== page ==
There’s no shortage of films addressing veterans dealing with PTSD, just as there are more than a few survivalist fantasies of people abandoning society to eke out an existence in the wild. And there’s certainly no dearth of movies exploring the nuanced intricacies of the father-daughter bond. Writer-director Debra Granik’s Leave No Trace could be aptly described as any of the above, but it distinguishes itself by virtue of its subtlety, the profound depth of its characterizations and its perceptive grasp of the emotional core at the heart of its narrative. In short, it’s a distinctly human drama that puts the emphasis on the human aspect without exaggerating the drama.
The drama is real, however, and the stakes are high. Granik’s film follows Will (a brooding Ben Foster), a vet whose struggle to reacclimatize to civilian life was derailed by the death of his wife, the mother of his daughter, Tom (Thomasin Harcourt McKenzie). But none of this backstory is ever explicitly clarified by Granik — we just see the life Will has built for him and Tom, foraging in the wilds of a state park in the Pacific Northwest and trying to evade a society that threatens to box him in. The audience is largely left to infer details of plot and character, and Granik’s script, co-written by Anne Rosellini and based on a 2009 novel by Peter Rock, teases them out so judiciously that the narrative has an organic feel paralleled by its lush arboreal settings.
The relationship between Will and Tom is not only the driving force behind Granik’s narrative, but effectively the very fabric of the film itself. Every shot is subjective, which is what makes the visual dissonance between the verdant greens of cinematographer Michael McDonough’s heavily forested landscapes so jarring in contrast to the bland beige of the “civilized” world into which Will and Tom are forcibly returned. It’s a visual leitmotif that evokes Tom’s character arc and makes the inevitable conflict with her reclusive father that much more relatable. In developing character through visual means rather than falling back on blunt exposition, Granik shrewdly sidesteps any pat resolutions or easy answers, allowing the audience a more immersive identification with characters whose experiences might otherwise feel too foreign.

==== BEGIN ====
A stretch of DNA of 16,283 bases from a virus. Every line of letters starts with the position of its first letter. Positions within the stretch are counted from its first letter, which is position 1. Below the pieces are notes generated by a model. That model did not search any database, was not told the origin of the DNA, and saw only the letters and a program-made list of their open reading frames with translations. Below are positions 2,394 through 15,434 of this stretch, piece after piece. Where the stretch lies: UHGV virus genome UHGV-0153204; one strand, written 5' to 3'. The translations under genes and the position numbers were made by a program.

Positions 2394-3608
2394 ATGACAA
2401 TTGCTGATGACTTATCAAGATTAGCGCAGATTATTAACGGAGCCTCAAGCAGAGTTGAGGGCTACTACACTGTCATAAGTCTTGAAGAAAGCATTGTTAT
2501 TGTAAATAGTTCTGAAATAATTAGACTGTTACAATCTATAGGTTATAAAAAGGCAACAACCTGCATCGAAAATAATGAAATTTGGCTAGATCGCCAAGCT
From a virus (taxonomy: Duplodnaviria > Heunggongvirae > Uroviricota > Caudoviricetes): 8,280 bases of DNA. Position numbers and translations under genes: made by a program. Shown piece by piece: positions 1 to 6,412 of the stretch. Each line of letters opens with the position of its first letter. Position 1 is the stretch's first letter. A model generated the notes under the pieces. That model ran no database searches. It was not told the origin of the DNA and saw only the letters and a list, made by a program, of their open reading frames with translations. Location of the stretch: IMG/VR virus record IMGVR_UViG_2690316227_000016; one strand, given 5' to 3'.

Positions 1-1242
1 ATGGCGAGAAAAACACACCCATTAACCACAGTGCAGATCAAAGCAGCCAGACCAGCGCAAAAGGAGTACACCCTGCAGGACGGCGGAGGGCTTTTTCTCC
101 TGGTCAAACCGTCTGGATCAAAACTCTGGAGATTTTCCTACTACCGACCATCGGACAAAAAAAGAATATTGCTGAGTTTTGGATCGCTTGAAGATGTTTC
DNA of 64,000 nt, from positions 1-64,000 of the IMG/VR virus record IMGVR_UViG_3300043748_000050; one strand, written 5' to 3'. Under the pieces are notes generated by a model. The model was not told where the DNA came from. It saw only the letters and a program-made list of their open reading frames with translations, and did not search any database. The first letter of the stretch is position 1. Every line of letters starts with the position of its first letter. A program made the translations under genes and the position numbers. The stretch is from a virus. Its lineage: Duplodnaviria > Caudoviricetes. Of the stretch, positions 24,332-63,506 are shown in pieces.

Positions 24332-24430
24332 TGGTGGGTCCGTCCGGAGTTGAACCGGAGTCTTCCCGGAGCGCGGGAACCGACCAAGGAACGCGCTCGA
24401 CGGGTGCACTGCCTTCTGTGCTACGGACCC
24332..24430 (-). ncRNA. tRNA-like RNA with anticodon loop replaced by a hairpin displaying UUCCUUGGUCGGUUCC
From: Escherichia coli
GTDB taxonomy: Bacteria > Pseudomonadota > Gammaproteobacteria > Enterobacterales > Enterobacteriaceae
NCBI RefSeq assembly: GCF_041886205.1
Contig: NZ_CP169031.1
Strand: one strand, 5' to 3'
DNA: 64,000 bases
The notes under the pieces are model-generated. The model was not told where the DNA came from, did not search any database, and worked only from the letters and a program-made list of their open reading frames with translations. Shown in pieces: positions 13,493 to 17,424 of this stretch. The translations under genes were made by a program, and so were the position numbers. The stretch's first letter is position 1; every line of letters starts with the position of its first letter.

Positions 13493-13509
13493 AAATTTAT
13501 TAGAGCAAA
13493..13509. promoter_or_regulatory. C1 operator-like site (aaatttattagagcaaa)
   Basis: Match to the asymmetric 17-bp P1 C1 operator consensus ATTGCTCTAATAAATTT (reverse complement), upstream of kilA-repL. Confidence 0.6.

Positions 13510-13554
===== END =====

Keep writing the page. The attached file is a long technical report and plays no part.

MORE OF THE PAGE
By stepping away from the pulpy crime-thriller tropes that defined her earlier films, Granik has created something far more earnest and deeply affecting without abandoning the vitality that made Winter’s Bone so notable. And while McKenzie has already drawn comparisons to Jennifer Lawrence’s turn in Granik’s previous picture, her performance shows a great deal more promise if only because of its delicacy. As a study in cinematic and narrative efficiency, it’s masterful, and Granik brings out the best in both Foster and McKenzie — but as a singular work of emotional expressionism, Leave No Trace is a film that will leave an indelible mark on the hearts of moviegoers.